Nevertheless, and secondly, for newer players such as Vistara and AirAsia India whose main investors have a foreign base (AirAsia in Malaysia and Singapore Airlines in Singapore), flying internationally is still important as they can make it work; which is why the ‘Federation of Airlines’ lobbied heavily in favour of keeping the 5/20 rule and why the two camps have bitterly argued over the last year.

Lastly, according to a number of analysts and industry insiders The Wire spoke to, the partial roll-back of the 5/20 is ultimately a compromise; a sign of the Modi government walking the middle path.

As one industry executive put it, “what has happened is that 5/20 has not become 0/20 but is effectively 3/20”, referring to the fact that it would take any new India-based airline three years to acquire 20 aircraft.  Despite this, if Vistara and AirAsia India are able to push through, initial estimates put Jet Airways as being impacted most: the Naresh Goyal-run airline has anywhere between 50-60% of its capacity being deployed on global or international routes.

In the run-up to the new civil aviation policy, with public consultations being held and draft policies being released, the fate of the 5/20 rule was the subject of much speculation.  Some feared that the status quo would remain while others believed that even if 5/20 was scrapped, it would be replaced with something equally onerous.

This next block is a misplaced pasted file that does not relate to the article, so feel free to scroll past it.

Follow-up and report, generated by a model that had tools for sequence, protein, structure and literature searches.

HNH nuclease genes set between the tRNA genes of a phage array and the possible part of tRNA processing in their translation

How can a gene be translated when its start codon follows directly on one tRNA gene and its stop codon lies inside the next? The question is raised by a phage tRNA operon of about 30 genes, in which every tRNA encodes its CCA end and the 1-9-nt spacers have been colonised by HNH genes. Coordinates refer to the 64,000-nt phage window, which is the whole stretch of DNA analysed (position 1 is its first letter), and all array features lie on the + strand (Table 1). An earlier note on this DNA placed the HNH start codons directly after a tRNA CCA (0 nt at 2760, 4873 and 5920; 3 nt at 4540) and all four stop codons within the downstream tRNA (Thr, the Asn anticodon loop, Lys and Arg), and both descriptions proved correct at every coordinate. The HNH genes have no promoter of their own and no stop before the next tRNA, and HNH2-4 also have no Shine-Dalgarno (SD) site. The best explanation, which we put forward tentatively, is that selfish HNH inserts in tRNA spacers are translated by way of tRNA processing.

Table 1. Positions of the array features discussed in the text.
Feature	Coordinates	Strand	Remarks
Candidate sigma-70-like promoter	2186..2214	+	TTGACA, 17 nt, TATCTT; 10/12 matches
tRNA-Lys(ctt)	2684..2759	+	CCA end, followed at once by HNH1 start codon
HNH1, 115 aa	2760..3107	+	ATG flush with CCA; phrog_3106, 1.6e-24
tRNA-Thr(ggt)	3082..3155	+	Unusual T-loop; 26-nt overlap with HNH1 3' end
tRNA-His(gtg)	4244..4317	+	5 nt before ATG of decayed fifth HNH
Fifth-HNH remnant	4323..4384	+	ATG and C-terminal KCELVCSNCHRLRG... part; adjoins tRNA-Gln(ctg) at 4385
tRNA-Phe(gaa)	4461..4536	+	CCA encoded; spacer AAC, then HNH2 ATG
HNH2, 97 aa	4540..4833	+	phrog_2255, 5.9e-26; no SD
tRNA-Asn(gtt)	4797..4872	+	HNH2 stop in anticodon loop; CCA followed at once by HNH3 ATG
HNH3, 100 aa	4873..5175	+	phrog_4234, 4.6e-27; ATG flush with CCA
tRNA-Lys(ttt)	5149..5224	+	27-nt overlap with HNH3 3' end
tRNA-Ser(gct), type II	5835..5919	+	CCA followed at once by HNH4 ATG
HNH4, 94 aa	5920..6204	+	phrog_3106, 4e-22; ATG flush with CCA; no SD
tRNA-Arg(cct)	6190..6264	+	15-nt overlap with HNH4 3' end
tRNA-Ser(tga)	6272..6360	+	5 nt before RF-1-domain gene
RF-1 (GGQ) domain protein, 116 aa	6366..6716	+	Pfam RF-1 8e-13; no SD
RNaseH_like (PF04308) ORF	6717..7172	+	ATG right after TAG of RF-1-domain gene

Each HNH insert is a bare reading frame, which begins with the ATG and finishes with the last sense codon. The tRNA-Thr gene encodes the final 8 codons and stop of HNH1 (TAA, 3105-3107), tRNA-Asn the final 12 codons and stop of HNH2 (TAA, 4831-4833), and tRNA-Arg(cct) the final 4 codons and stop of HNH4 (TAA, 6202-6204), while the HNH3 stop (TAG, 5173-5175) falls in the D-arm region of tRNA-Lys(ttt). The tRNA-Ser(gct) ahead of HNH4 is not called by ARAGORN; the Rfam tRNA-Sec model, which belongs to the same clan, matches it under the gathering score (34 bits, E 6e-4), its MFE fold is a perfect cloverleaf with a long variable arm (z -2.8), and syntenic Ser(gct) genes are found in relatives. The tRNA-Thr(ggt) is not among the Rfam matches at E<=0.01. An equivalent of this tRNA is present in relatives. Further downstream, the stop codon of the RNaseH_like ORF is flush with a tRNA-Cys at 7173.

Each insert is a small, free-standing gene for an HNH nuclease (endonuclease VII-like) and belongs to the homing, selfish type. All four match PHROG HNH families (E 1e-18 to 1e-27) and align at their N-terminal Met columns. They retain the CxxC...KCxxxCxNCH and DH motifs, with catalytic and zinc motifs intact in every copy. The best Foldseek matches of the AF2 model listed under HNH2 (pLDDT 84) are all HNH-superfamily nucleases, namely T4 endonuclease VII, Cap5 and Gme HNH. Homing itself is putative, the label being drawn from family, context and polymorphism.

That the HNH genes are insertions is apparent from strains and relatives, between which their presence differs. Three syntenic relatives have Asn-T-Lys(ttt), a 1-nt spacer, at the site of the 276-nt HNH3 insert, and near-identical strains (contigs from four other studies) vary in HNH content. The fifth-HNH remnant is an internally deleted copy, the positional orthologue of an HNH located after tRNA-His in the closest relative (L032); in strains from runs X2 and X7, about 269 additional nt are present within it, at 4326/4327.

“While it [the new policy] is a sign of reform, there are many more pieces of the puzzle that need to fall into place such as the question of an independent civil aviation authority, clarity on FDI and the fate of Air India. But for now it’s strange the manner in which the 5/20 rule has been ended. The rule lacked logical basis and was called archaic even though it was formulated in 2004. It’s not completely gone but it has also been diluted. A rather anti-climactic ending,” said a senior industry executive.